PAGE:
Arts & Entertainment

A lot more than a bit part: Small acting gigs a big deal for Tri-City man with nonspeaking role in 'Twilight'

Dave Trader's had an eventful life -- railroad clerk, school and tour bus driver, nature lover, horse trainer, actor.

Though the West Richland man has never had a speaking role in his acting gigs, he doesn't consider that a bad thing.

"I've auditioned for speaking parts before but never got them," Trader said. "But it didn't matter to me whether I had a speaking role or not. Sometimes just being an extra in a scene is memorable, and I've been lucky that I have a look filmmakers are interested in from time to time."

A distinctive look

Trader, 69, is a tall man with long, white/gray hair and beard and enough cragginess in his face to be photogenic, he said.

His distinctive look earned him a bit role in the movie Twilight, which opens in theaters Nov. 21.

Another distinguishing look for Trader is his baseball cap stuffed with feathers, which has become his trademark in the industry.

"During the filming of Twilight, the director (Catherine Hardwicke) tapped me on the shoulder one day and said, 'That is a great hat,' " Trader said. "I'm wearing it in the scene I'm in during the film."

Trader's unique look also earned him a part in the 1994 film Maverick as well as The Hunted, Zero Effect and a flock of TV movies. He's also been in a few commercials.

"I played one of the people watching the high stakes poker game on the sternwheeler," he said. "I really enjoyed taking part in that film. The headline actors (Jodie Foster and Mel Gibson) were very cool."

He even had a few opportunities to chat with Foster between scenes and found her to be charming, highly intelligent and loads of fun to be around.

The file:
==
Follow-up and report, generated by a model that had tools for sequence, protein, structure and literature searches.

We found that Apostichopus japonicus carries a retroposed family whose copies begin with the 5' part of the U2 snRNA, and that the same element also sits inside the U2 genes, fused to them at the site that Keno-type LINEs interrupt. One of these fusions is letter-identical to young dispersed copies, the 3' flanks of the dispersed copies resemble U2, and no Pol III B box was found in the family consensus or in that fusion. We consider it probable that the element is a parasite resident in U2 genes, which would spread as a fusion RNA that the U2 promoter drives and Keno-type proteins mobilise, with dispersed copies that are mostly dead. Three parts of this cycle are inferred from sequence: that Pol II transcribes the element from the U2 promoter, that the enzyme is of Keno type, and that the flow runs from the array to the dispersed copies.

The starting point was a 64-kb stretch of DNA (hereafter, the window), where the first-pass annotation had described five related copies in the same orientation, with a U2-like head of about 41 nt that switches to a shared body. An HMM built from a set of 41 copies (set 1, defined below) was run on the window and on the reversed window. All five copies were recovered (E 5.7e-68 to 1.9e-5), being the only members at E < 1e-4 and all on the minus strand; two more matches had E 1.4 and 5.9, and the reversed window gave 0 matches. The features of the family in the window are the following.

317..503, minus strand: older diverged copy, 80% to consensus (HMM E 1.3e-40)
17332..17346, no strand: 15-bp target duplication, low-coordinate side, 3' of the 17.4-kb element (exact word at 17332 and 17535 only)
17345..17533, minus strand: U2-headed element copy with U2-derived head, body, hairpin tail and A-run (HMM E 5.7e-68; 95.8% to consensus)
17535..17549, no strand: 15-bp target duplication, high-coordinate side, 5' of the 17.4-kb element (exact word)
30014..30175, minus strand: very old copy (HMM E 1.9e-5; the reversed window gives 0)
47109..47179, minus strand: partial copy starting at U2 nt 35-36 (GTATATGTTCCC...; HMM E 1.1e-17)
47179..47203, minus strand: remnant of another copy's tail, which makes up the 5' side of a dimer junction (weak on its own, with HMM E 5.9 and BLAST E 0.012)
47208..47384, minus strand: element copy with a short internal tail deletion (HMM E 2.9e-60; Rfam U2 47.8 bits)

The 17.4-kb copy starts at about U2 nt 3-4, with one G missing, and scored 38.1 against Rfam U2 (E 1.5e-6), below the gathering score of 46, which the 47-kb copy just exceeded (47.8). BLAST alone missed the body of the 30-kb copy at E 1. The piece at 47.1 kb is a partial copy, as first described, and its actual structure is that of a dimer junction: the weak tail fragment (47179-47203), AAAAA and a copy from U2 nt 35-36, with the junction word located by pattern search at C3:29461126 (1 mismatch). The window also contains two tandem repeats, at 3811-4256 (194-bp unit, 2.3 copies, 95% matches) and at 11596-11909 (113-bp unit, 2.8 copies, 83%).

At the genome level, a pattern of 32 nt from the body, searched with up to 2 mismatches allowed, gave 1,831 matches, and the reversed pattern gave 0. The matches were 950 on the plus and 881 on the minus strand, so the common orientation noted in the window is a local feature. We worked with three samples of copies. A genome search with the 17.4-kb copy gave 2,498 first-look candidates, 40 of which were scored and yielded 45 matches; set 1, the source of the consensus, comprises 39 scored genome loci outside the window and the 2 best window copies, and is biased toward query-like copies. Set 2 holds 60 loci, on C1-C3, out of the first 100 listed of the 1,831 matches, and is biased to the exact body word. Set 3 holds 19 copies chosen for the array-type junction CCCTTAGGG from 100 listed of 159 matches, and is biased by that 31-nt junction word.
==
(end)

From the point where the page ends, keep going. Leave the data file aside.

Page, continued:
Working in the Northwest

Most of the work he's done was filmed in Oregon and Washington, which kept him close to home. The boat scenes in Maverick were filmed in the Columbia River Gorge, and Twilight was filmed in Vernonia, Ore.

"I was actually cast for two roles in Twilight, but one of those ended up getting cut from the film," Trader said. "In the other scene, I'm a fisherman walking down the streets of this small town called Forks. I'm wearing my trademark hat with the feathers."

Trader said he won't know if his scene ended up on the cutting room floor until the movie premieres.

"I don't worry too much about it," he said. "Another role will come along eventually, and I'm pretty busy with other stuff in the meantime."

From railroad to acting

Trader grew up in Milwaukee and moved to Los Angeles to work for the Union Pacific Railroad as a clerk in the 1960s. There, he became friends with Terry Leonard, a movie stuntman/actor/unit director.

Leonard introduced Trader to Chuck Roberson, who was John Wayne's movie double for decades.

"Chuck had a ranch where he trained horses for movie work," Trader said. "And that's where I first got interested in training horses."

Trader learned a lot about the movie business from Leonard and Roberson, he said. He used that insight to gain a better understanding about everything that's involved in making movies."

There's a tremendous amount of down time in acting, he said.

"Sometimes hours go by before you're needed on the set," Trader said. "Some people read, some listen to their iPods. I use that time to get a better understanding of the role I'm doing. Doesn't matter to me that I'm just an extra. It's important to know exactly what I need to do when the director needs me to do it."

And that, he said, is one of the key elements of making it as an actor, whether it's a speaking role or a nonspeaking one. And talent and looks shouldn't be the only thing an up-and-coming actor should focus on.

"If I was to give any advice to young people seeking an acting career, I'd tell them to lose the 'me, me, me' attitude and focus on everything that's happening in a film because the more you know how to please, the better your chances are at being chosen for a part."

Trader moved to Oregon after retiring from the railroad. He worked for the Oregon School District for a time before retiring again about three years ago. That's when he moved to the Tri-Cities, where his daughter lives.

"Most of my life, I played it safe," Trader said. "I have never been a risk taker," he said. But that all changed when the acting bug kicked in.

"Acting has been an adventure, that's for sure," Trader said. "And I find I like it."

*Dori O'Neal: 582-1514; doneal@tricityherald.com

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